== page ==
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Can I Get Free From 4 Credit Cards?

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Your situation is far from hopeless, even if you're mired in credit card debt. Chuck Bentley offers basic steps to help you work toward becoming debt free.

Q: I have a rather unique problem: I feel like I’m drowning in debt, but I’m told I’m not in deep enough to get help! I have a car payment with 14 months left. I have four credit cards that I make payments on, but I’m finding it hard to keep up with them (overall credit card debt about $5,000). By the time I pay other bills like phone, utilities, and fuel, I'm broke. I can’t take Crown’s advice to get ahead by using my tax refund to pay debt as I usually only get about $1,000. I can't see how my refund can help. My credit cards are causing my financial issues, but after I am tapped out in paying bills and making payments, I usually need them to survive until my next paycheck. I tried to get a debt consolidation, but they say I don't have enough debt. I'm feeling lost, but I know GOD will get me through this. I just don't know how to start.

A: Please know that there ARE things you can do; your situation is far from hopeless!

I want to encourage you, that while it may take time, you can begin the hard work by setting a goal of getting debt free. Make up your mind that you don’t want to live like this any longer and then follow a step-by-step plan.

I’ve found in working with other people facing the same struggle, that it generally takes about 5 - 7 years to become fully free, so understand that it’s really about changing your mindset and making a lifestyle change to accomplish your goal.

Let’s start with the practical. First, you must create a truly functional budget. Look at all that you own, all that you owe, and all of your obligations so that you have a clear picture of where your money is going and where it is needed. Crown has some free tools to help you build a budget that reflects all that you are spending and will help organize your finances. This step will identify the real problems that need to be addressed.

And as much as I believe in getting debt free, I recommend that you begin this entire process by saving $1,000 that you don’t touch except for true emergencies. This would be a good use for your tax refund. The reason so many of us turn to credit cards is because we don’t have savings set aside when emergencies come – and they will come.

Next, understand that credit cards themselves can be a useful tool in our electronic culture but only when you can pay them off every month.  I’ve written about the right way to use credit cards in this column. I would advise you to cut up three of them, so that no further charges can be made. Then pick the one with the lowest balance and work to pay it off first. It is not always to your advantage to cancel credit cards as that can hurt your credit rating, but if you cut them up, you can stop the spending.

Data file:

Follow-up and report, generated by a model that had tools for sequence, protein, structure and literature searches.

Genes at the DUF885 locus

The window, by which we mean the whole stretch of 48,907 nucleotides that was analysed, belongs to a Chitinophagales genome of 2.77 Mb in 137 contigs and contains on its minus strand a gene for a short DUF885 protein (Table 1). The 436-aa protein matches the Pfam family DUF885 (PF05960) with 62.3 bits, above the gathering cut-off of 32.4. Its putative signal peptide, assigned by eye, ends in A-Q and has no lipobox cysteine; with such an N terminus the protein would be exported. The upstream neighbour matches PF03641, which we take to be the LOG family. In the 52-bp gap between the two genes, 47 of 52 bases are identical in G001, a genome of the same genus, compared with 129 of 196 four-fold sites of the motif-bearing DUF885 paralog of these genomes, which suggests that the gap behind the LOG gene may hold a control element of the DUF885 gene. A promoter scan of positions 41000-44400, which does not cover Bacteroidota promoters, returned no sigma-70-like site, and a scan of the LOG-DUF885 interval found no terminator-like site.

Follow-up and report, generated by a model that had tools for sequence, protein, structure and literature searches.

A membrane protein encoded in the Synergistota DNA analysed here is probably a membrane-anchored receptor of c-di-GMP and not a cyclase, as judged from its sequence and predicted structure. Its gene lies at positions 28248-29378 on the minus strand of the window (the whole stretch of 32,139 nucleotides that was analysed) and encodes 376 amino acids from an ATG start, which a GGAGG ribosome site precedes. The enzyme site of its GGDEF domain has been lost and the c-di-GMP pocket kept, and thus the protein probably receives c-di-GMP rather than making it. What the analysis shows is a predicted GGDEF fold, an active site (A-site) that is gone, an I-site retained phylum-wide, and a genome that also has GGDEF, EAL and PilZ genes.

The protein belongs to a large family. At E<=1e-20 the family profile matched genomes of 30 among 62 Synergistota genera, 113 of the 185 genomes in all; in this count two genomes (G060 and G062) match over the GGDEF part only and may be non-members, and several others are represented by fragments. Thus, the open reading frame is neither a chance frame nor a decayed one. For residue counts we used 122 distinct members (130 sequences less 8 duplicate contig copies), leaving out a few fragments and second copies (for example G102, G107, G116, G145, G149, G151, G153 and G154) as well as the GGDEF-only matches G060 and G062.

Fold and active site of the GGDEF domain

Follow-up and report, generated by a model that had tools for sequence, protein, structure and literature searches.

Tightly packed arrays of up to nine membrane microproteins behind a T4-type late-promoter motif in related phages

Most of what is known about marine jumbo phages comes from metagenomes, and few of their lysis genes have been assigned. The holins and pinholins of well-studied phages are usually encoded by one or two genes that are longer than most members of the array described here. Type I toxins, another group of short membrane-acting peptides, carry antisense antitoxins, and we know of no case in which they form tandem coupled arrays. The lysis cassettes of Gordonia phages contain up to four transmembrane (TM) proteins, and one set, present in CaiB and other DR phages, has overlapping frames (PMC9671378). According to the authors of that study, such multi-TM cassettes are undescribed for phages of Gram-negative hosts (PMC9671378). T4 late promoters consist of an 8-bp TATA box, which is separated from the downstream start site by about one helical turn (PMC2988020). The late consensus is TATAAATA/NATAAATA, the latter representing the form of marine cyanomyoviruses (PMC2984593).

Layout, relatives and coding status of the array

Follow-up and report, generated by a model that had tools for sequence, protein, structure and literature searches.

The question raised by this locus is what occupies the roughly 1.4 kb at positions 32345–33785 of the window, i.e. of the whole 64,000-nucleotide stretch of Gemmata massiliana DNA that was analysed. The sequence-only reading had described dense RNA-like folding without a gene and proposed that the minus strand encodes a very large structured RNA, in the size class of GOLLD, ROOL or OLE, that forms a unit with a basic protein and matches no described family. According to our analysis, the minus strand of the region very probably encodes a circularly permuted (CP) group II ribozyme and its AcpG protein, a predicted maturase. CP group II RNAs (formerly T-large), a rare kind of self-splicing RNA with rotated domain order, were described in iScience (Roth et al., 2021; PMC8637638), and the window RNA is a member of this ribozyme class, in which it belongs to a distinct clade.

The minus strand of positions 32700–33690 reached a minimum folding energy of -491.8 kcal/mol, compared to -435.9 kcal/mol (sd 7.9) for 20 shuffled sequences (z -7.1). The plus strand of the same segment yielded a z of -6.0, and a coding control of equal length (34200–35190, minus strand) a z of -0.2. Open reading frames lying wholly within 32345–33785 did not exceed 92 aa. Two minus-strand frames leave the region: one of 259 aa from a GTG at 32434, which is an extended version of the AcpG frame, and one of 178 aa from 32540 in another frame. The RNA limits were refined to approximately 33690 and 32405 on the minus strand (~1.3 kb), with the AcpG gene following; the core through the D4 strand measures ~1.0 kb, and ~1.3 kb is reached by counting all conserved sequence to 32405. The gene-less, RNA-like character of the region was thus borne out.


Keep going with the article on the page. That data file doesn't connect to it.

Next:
In looking at the information that you gave me, I note that your car is almost paid off. Take good care of it and keep it running. Consider working to pay that off early, as that payment, once available, will really be useful in paying down your other debt.

With these basic steps in place, it’s time to consider the fact that you may need more money to best accomplish your goal of becoming debt free.

Consider whether you have items around your home you could sell and apply to your debt. Most of us have things we don’t use that might be of interest to someone else. Consider changes in lifestyle, such as cutting back on eating out or getting a roommate to share those rent and utility costs. But I would also encourage you to consider whether you need a new job or to add a second part-time job to increase your income that is going to pay off your debt.

But there is a silver lining to this cloud of debt: Proverbs 16:26 says, “The appetite of laborers works for them; their hunger drives them on.”

The urgency you are feeling may be a push from the Lord, a motivator, to make some changes in your life or seek a new job that works better for you.

Over the years, I’ve worked multiple jobs myself, and while you may not want to do that long term, if you had an extra job on weekends or evenings you could apply your extra paychecks to address your deficit more quickly. A good friend once posed the question, “What are you doing after 5:00?” in context of earning more income to support my growing family.

Solomon said it this way in Ecclesiastes 11: 6 – “Sow your seed in the morning,
and at evening let your hands not be idle,
for you do not know which will succeed,
 whether this or that,
or whether both will do equally well.”

Crown has some excellent free resources on managing debt and we also have some valued partners like Christian Credit Counselors who may be able to counsel you in developing a debt-management plan to help you pay off your debts more quickly.

Okay, ready to take the first step?  I hope so. No need to keep treading water when a lifeline is available.

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